Olympics

So How Did Team Ireland Perform In Rio? We've Crunched The Numbers

So How Did Team Ireland Perform In Rio? We've Crunched The Numbers

So, another Olympics has come to an end. The circus has left town for now, and its wonderful range of performers-from the clowns to the lions-roll on to another town. How will we remember Rio? What images will linger longest in our minds? That is, perhaps, an entirely different question from the one that asks just how successful these Olympics were for Ireland. But how to measure such success? Do we measure it via the courage shown by our athletes? By the number of season's bests, personal bests, or exceptional individual performances? Or in a cold, hard, totting up of the medals tally?

Perspective through comparison is always healthy when conducting this kind of task. Take the 1948 Olympics, for example. This was the last time we brought a similar number of athletes to an Olympic Games (83), and the team didn't travel without expectation. The boxing team, including a European Champion, all failed to medal (albeit that one fighter, Mick McKeon, was injured for his bronze medal box-off). The only medal the country actually won at those Games in London was in the 'Oils and Water Colours' section of 'Painting and Graphic Art', with 70-year-old Letitia Hamilton claiming bronze in a no doubt thrilling spectacle.

A quick glance through Ireland's medal history at Olympic Games will tell you that in London four years ago, we were absolutely spoilt in terms of medals. Our boxing team exhibited a level of performance completely unheard of from Olympic teams from these shores. Cian O'Connor's 'redemption' story claimed a few headlines, as did Rob Heffernan's bravery in finishing fourth in the 50km walk-a placing that has since been upgraded to a bronze medal thanks to a doping violation by the winner Sergey Kirdyapkin (which resulted in his gold medal's annulment).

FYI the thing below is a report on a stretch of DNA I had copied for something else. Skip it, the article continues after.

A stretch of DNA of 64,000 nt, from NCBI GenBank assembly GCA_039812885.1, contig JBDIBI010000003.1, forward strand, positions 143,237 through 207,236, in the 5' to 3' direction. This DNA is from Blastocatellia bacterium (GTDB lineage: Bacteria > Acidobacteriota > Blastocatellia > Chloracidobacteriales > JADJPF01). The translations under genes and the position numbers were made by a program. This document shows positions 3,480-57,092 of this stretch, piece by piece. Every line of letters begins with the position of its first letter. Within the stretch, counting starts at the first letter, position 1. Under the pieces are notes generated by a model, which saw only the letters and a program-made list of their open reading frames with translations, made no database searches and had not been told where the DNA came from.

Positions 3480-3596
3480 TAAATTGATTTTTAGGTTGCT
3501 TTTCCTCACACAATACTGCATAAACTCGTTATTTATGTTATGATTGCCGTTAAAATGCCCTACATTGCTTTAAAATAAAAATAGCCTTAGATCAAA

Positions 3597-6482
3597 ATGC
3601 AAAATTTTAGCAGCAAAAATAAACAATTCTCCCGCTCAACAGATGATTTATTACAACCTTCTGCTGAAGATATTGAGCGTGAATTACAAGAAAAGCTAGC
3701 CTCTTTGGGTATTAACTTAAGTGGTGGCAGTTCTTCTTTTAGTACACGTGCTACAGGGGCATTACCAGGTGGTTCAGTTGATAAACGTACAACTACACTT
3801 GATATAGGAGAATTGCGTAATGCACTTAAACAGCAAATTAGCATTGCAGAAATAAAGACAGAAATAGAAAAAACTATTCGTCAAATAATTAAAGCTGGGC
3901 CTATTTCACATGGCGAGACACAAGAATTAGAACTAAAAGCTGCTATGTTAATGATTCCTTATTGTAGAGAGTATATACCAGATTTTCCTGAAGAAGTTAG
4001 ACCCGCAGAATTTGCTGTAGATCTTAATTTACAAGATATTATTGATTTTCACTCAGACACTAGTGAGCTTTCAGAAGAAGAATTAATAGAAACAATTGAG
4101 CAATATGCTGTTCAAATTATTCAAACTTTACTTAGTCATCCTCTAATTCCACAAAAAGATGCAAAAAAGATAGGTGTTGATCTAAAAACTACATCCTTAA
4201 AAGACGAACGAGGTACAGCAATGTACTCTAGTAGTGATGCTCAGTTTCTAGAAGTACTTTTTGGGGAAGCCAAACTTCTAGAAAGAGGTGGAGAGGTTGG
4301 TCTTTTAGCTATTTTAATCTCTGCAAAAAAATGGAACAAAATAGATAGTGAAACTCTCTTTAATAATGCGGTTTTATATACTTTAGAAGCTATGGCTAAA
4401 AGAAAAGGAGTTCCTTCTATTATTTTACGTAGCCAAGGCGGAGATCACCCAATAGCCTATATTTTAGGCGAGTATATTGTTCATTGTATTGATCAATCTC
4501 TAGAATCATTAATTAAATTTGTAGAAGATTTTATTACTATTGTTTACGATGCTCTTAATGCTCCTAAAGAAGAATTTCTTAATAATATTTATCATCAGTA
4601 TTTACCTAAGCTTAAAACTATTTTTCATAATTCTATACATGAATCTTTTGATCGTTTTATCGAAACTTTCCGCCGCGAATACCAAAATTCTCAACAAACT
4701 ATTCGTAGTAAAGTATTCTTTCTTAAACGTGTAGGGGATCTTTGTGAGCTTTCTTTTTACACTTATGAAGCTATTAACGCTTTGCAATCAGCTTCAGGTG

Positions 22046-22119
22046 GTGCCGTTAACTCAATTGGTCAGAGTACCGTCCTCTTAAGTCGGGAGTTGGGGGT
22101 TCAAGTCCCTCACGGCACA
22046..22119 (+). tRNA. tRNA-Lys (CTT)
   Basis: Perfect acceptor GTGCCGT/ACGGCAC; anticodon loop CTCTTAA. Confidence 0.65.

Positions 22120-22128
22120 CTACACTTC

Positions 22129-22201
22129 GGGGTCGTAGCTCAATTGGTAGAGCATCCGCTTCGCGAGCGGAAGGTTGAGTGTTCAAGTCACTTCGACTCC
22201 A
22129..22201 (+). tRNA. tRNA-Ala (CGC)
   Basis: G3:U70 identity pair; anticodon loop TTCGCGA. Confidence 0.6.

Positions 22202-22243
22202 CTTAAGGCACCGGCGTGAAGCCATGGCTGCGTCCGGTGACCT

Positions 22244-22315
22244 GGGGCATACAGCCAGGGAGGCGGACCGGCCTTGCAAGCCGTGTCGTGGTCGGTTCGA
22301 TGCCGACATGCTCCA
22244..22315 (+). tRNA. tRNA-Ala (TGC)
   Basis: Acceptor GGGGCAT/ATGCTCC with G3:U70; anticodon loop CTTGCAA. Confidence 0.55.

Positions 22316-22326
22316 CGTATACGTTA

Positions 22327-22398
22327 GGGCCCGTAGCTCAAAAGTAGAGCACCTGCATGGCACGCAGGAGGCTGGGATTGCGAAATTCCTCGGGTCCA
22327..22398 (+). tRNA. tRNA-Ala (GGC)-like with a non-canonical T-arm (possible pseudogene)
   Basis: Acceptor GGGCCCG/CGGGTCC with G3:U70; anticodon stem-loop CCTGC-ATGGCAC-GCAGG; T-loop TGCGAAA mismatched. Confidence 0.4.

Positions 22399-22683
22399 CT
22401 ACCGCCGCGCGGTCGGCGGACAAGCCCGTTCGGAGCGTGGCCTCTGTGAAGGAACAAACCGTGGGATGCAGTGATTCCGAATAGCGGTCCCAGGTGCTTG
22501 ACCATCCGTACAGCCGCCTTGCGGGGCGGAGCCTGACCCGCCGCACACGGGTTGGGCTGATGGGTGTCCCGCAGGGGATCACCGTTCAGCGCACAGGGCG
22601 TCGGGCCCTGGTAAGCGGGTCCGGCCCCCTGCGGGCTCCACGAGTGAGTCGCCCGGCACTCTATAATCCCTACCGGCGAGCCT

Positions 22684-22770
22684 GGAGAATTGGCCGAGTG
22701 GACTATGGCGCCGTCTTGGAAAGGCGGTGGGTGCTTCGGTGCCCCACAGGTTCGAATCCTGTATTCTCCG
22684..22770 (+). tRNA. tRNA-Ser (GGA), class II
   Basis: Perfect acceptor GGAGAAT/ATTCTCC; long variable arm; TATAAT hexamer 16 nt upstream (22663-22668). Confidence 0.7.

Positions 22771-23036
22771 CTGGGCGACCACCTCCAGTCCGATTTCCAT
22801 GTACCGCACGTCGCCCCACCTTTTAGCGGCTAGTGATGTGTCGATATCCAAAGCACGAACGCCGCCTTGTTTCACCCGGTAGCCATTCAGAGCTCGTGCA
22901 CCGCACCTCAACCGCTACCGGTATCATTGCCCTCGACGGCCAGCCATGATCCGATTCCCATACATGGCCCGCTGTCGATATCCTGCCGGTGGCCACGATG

Generally as a nation, we have had to look outside medal tables for indicators as to whether or not an Olympic Games has been a success. We look at how an athlete performed compared to what we could reasonably have expected, given their own and Ireland's expectations in that event. So, for example, when Andrew Bree swam three national records in 2008 and that resulted in him qualifying for one semi-final, we rightly applauded him, knowing what was realistic to expect and knowing that he had exceeded those expectations.

On that criteria, therefore, it has been a very successful Olympics. We have had our first ever female gymnast and track cyclist representing the country at a Games in Ellis O'Reilly and Shannon McCurley , hopefully laying down a path for future generations to follow. Our first diver since Eddie Heron in 1948, Oliver Dingley, came 8th in the men's 3 metre springboard, in a sport so popular in Ireland that it isn't even listed as a sport on the OCI's website. Shirtless warrior Scott Evans, the only Irishman who has ever played badminton at a Games, perhaps ensured that that won't be the case much longer, perhaps inspiring a new generation as he avenged his 2008 heartache to Marc Zwiebler and made it to the last 16, meaning both men and women from these shores have now tasted victory in badminton at the highest level imaginable.

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Evans' world ranking before the Olympics was 72nd in the world, putting his exceptional displays into perspective. And who can forget his mates in the hockey team going the 'full Evans' in support?